Curcuma longa L. effects on Akt/mTOR pathway and NF-κB expression during skin wound healing. - GreenMedInfo Summary
Curcuma longa L. Effects on Akt/mTOR Pathway and NF-κB Expression During Skin Wound Healing: An Immunohistochemical Study.
Appl Immunohistochem Mol Morphol. 2021 Jul 14. Epub 2021 Jul 14. PMID: 34261975
Chris K Danilevicz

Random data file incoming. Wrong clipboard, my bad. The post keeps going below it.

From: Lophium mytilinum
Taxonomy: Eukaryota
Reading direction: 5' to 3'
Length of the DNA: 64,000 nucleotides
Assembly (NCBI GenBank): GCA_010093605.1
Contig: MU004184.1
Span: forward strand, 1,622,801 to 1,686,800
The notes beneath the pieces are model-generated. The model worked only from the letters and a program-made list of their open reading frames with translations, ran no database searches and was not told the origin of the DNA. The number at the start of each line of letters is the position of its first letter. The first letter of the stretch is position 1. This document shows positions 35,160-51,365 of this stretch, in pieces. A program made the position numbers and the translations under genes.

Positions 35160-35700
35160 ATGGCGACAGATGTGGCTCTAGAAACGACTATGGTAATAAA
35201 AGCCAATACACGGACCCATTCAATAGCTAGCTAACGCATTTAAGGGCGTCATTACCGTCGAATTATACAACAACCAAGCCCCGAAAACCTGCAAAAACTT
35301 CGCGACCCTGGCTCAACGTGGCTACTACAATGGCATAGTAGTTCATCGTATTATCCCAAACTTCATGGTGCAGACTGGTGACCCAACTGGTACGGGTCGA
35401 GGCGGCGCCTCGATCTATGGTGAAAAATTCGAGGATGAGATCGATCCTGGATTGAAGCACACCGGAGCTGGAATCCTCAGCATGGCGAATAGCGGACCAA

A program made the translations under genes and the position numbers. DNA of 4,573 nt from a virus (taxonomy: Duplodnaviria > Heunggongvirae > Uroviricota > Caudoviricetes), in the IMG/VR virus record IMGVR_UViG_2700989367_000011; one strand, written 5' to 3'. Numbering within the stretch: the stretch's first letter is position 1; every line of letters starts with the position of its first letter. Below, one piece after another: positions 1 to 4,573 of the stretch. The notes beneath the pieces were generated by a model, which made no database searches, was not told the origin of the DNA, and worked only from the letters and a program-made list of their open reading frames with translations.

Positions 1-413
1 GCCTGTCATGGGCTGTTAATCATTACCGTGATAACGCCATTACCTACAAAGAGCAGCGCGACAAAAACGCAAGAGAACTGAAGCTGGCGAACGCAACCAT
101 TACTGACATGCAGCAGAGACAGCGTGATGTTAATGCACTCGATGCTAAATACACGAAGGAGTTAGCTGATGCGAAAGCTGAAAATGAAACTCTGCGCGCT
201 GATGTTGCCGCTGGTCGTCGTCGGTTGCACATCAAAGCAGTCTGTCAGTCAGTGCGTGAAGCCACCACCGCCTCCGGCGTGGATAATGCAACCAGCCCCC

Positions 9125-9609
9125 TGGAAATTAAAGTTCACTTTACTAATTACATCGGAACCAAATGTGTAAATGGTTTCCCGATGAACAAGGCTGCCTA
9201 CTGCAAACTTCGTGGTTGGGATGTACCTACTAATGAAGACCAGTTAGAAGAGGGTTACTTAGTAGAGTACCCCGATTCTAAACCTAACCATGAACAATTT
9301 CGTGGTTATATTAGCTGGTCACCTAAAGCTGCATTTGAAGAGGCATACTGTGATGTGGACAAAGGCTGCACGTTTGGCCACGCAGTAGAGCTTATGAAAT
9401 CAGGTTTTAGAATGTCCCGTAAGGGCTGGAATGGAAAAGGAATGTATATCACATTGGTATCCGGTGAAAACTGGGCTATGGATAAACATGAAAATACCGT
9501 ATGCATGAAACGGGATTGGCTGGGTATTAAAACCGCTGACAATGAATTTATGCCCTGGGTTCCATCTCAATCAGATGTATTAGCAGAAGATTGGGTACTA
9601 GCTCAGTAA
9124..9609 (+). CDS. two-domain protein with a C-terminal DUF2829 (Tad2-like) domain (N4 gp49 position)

Skin ulcers, wounds, or burns represent a burden for health care worldwide. Our aim was to explore the effects of mucoadhesive formulation with Curcuma longa L. extract mucoadhesive formulation containing curcumin (MFC) on skin healing in Wistar rats. Fifty-four rats were randomly allocated into 3 groups: control, vehicle, and MFC. A full-thickness circular wound was induced on the back of each animal. Two daily applications of the products were performed according to the experimental group. On days 3, 10, and 21, 6 animals in each group were euthanized. Clinical analysis was based on wound area. Histologic analysis was performed in hematoxylin and eosin-stained sections, with re-epithelization and inflammation being assessed by means of semiquantitative scores. To analyze the Akt/mTOR pathway, immunohistochemistry for phospho Akt (pAkt) and phospho ribosomal protein S6 were investigated. In addition, nuclear factor kappa-light-chain-enhancer of activated B cells immunolabeling was performed. Clinical analysis revealed wounds with a smaller area on days 3 and 10 in curcumin-treated animals. Histologically, MFC had a significant impact on inflammatory events on days 3 and 10 and promoted faster re-epithelization, which was evidenced on day 10. MFC-treated wounds exhibited pAkt upregulation on day 10 and both pAkt and phospho ribosomal protein S6 downregulation on day 21. Nuclear factor kappa-light-chain-enhancer of activated B cells expression varied through the evaluation periods; however, no significant difference was observed between groups. Collectively, our results indicate that MFC is efficient in accelerating cutaneous wound repair through modulation of the inflammatory process and stimulus of re-epithelization by an Akt/mTOR-dependent mechanism.